IOM warns about physician-pharma conflicts of interest

A new institute report recommends that physicians accept drug samples only if they distribute them to needy patients.

By , — Posted May 11, 2009

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In recent months, medical schools, the drug industry and Congress have sought to crack down on perceived conflicts of interest between physicians and drug companies. Now the Institute of Medicine has joined the calls for change.

The IOM issued a report April 28 warning that such conflicts could undermine the integrity of medicine, and the agency wants everyone involved in physician-drug industry relationships to rethink how they do business. The new approaches should be crafted with full disclosure at their core, the report said.

Conflicts of interest "erode public trust while providing no meaningful benefits to patients or society," said IOM panel Chair Bernard Lo, MD, professor of medicine and director of the Program in Medical Ethics at the University of California, San Francisco.

The report offers 16 recommendations to avoid conflicts in physicians' offices, biomedical research, medical education, journals, clinical guidelines and institutions. They include adopting conflict-of-interest policies and strengthening existing disclosure policies. The report also recommends that Congress require drug- and device-makers to report on a public Web site payments they make to physicians, researchers and academic health centers, among others.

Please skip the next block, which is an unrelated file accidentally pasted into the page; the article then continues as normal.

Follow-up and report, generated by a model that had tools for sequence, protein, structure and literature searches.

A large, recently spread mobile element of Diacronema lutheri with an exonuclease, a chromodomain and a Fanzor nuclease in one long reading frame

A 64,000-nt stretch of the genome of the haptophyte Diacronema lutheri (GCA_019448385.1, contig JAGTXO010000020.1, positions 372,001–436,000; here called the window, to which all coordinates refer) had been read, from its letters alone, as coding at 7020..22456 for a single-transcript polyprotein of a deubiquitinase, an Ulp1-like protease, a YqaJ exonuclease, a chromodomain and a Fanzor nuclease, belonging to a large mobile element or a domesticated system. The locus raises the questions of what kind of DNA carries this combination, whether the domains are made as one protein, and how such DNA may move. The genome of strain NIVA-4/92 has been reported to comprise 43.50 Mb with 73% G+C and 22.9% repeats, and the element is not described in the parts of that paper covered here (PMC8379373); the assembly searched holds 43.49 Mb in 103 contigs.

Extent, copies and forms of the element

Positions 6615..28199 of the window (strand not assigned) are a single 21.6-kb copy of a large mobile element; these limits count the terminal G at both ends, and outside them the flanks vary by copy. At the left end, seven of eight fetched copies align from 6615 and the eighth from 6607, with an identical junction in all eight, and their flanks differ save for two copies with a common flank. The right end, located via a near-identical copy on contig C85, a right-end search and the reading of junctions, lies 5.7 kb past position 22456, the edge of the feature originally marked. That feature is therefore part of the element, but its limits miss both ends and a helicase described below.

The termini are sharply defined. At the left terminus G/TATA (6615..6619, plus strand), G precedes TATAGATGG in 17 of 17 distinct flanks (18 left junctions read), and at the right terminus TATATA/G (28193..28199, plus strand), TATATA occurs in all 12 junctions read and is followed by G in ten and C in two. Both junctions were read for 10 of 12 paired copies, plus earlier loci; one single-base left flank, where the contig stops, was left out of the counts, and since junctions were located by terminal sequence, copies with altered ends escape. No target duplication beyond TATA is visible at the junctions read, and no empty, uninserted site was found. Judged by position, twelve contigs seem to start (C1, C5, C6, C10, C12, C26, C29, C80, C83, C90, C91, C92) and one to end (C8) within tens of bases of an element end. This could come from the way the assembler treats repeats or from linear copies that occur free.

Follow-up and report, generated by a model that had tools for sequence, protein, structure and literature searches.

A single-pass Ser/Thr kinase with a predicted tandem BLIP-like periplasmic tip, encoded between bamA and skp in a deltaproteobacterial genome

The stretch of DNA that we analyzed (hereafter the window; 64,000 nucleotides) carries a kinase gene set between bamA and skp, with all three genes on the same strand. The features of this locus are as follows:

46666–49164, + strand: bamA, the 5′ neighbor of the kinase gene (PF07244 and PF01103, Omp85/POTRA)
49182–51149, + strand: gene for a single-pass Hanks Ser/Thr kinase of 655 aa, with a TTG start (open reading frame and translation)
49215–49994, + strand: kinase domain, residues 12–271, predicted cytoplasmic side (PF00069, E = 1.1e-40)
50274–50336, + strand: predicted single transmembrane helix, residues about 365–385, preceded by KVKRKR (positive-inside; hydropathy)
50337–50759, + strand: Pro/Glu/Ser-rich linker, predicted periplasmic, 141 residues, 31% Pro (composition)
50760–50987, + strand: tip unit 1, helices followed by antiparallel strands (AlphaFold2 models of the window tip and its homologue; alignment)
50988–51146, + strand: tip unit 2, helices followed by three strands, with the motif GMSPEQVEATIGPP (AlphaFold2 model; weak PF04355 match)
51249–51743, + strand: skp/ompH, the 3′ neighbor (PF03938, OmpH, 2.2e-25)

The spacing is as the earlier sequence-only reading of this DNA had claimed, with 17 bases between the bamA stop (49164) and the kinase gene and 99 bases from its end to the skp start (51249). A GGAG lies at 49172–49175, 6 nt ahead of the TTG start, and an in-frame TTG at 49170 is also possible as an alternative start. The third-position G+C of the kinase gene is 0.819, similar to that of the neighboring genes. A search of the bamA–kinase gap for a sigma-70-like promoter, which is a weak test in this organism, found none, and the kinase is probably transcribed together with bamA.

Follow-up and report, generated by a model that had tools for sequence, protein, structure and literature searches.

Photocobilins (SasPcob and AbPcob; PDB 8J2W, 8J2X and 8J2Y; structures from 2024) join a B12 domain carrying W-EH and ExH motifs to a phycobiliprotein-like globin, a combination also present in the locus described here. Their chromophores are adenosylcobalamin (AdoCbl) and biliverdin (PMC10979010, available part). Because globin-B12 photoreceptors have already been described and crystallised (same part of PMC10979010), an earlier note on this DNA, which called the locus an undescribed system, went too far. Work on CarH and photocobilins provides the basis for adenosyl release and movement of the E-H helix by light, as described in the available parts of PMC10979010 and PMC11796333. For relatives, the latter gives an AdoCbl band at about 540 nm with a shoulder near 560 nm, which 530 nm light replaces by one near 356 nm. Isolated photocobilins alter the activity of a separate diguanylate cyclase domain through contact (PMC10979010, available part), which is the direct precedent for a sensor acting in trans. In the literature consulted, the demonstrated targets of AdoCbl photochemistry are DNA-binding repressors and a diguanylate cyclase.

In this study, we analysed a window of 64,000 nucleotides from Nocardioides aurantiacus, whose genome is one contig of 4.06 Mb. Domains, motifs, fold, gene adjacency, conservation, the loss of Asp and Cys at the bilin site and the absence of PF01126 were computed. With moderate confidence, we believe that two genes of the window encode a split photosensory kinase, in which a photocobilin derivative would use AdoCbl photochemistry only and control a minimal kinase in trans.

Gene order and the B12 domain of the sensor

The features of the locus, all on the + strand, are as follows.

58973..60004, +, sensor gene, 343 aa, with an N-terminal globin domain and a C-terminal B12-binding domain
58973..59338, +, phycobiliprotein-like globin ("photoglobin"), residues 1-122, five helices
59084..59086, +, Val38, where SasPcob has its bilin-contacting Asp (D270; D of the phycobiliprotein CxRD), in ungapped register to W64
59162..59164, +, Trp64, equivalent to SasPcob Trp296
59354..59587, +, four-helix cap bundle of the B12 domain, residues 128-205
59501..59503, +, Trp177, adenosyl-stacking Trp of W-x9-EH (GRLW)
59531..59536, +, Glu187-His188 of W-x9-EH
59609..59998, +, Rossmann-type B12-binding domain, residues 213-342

"This is not a new problem, but it seems to be coming forward with ever-increasing force and perhaps frequency," said IOM President Harvey Fineberg, MD, PhD.

Previously, the Assn. of American Medical Colleges and the Institute on Medicine as a Profession, a nonprofit housed at the Columbia University College of Physicians and Surgeons in New York, issued similar recommendations. But neither group touched on as many areas of potential conflicts as the IOM did in its report.